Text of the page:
Plants anchor soil Move livestock to prevent overgrazing Cut fewer trees in an area Plant vegetation along riverbanks and roadsides China’s huge tree-planting program slows erosion But the monocultures are not ecologically functioning forests

43 Irrigation: productivity with problems
Irrigation = artificially providing water to support agriculture Unproductive regions become productive farmland Waterlogging = overirrigated soils Water suffocates roots Salinization = the buildup of salts in surface soil layers Worse in arid areas Salinization inhibits production of 20% of irrigated cropland, costing over $11 billion/year

44 Preventing salinization
It is easier and cheaper to prevent it than fix it Do not plant water-guzzling crops in sensitive areas Irrigate with low-salt water Irrigate efficiently Use only water the crop requires Drip irrigation targets water directly to plants

45 Fertilizers boost yields but cause problems
Fertilizers = substances containing essential nutrients Inorganic fertilizers = mined or synthetically manufactured mineral supplements Organic fertilizers = the remains or wastes of organisms Manure, crop residues, fresh vegetation Compost = produced when decomposers break down organic matter Applying synthetic fertilizer vs. a “green manure”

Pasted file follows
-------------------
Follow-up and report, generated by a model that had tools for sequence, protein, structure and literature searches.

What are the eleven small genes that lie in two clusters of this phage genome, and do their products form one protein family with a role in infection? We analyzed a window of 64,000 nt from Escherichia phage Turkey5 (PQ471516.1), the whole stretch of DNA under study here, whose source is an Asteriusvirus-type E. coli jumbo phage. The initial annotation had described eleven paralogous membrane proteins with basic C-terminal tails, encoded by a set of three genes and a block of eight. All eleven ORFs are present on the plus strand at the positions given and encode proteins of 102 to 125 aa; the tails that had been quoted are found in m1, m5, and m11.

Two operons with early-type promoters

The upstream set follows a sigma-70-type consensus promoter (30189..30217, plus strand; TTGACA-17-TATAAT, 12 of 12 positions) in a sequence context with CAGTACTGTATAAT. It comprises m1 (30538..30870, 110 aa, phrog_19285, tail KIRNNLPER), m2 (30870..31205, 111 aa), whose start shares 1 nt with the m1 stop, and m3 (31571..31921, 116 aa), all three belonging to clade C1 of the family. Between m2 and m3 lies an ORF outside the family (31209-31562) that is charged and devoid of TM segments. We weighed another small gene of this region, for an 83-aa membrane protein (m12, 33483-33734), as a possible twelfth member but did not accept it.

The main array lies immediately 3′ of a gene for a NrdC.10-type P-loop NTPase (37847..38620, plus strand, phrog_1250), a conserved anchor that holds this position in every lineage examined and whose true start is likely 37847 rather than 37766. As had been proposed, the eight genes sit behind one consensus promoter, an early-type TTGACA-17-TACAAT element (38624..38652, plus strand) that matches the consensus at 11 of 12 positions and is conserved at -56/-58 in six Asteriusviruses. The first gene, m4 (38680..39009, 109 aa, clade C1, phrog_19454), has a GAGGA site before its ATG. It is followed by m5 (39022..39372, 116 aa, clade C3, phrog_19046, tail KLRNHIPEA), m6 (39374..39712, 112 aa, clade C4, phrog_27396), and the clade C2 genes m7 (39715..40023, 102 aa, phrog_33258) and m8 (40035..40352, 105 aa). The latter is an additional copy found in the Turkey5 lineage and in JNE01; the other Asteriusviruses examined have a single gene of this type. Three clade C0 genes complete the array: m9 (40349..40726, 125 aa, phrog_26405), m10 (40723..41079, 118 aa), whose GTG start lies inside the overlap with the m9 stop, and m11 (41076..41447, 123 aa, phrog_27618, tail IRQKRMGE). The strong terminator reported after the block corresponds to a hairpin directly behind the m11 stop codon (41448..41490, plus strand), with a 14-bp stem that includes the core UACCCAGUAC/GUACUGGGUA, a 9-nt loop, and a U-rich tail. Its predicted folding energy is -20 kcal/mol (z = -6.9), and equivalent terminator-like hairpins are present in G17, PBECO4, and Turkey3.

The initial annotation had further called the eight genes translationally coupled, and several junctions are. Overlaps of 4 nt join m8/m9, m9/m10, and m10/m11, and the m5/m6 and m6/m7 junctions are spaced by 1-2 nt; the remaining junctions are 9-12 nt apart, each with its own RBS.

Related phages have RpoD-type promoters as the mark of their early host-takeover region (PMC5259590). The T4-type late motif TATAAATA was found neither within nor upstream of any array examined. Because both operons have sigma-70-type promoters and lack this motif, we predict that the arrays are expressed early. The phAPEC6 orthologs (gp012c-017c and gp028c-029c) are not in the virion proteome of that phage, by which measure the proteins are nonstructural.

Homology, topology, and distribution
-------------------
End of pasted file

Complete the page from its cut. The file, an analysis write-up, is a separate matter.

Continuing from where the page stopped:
46 Organic vs. inorganic fertilizers
Organic fertilizers improve: Soil structure Nutrient retention Water-retaining capacity Leaching and runoff of inorganic fertilizers Dead zones in water systems Contaminate groundwater Nitrates volatilize (evaporate) into the air Inorganic fertilizer use has skyrocketed worldwide

47 Environmental effects of overfertilizing

48 Overgrazing causes soil degradation
Overgrazing = too many animals eat too much of the plant cover Impedes plant regrowth Soil is degraded and compacted U.S. government subsidies increase harm Few incentives to protect rangeland 70% of the world’s rangeland is classified as degraded, costing $23.3 billion/year

49 Effects of overgrazing can be striking
Erosion increases, making it hard for plants to grow Non-native invasive species invade Less palatable to livestock Outcompete native vegetation Grazed plot Ungrazed plot

50 Agricultural policy Farming can be sustainable
No-till and organic farming, responsible grazing Industrial agriculture places huge demands on the land Degradation occurs slowly But farmers need short-term profits Subsidies encourage cultivation on fragile land Farmers should buy crop insurance instead Ranchers graze cattle extremely cheaply on BLM (Bureau of Land Management) land Environmentalists and ranchers work together against suburban sprawl

51 Wetlands have been drained for farming
Wetlands = swamps, marshes, bogs, river floodplains Over 50% have been drained for agriculture in the U.S. Government policy encouraged draining Swamp Lands Acts (1849, 1950, 1860) = drained and converted wetlands to control floods and malaria Wetlands are now seen as vital ecosystems Habitat, flood control, recharged water supplies Despite regulations, loopholes allow wetland losses Wetlands Reserve Program = landowners are paid to protect, restore, and enhance wetlands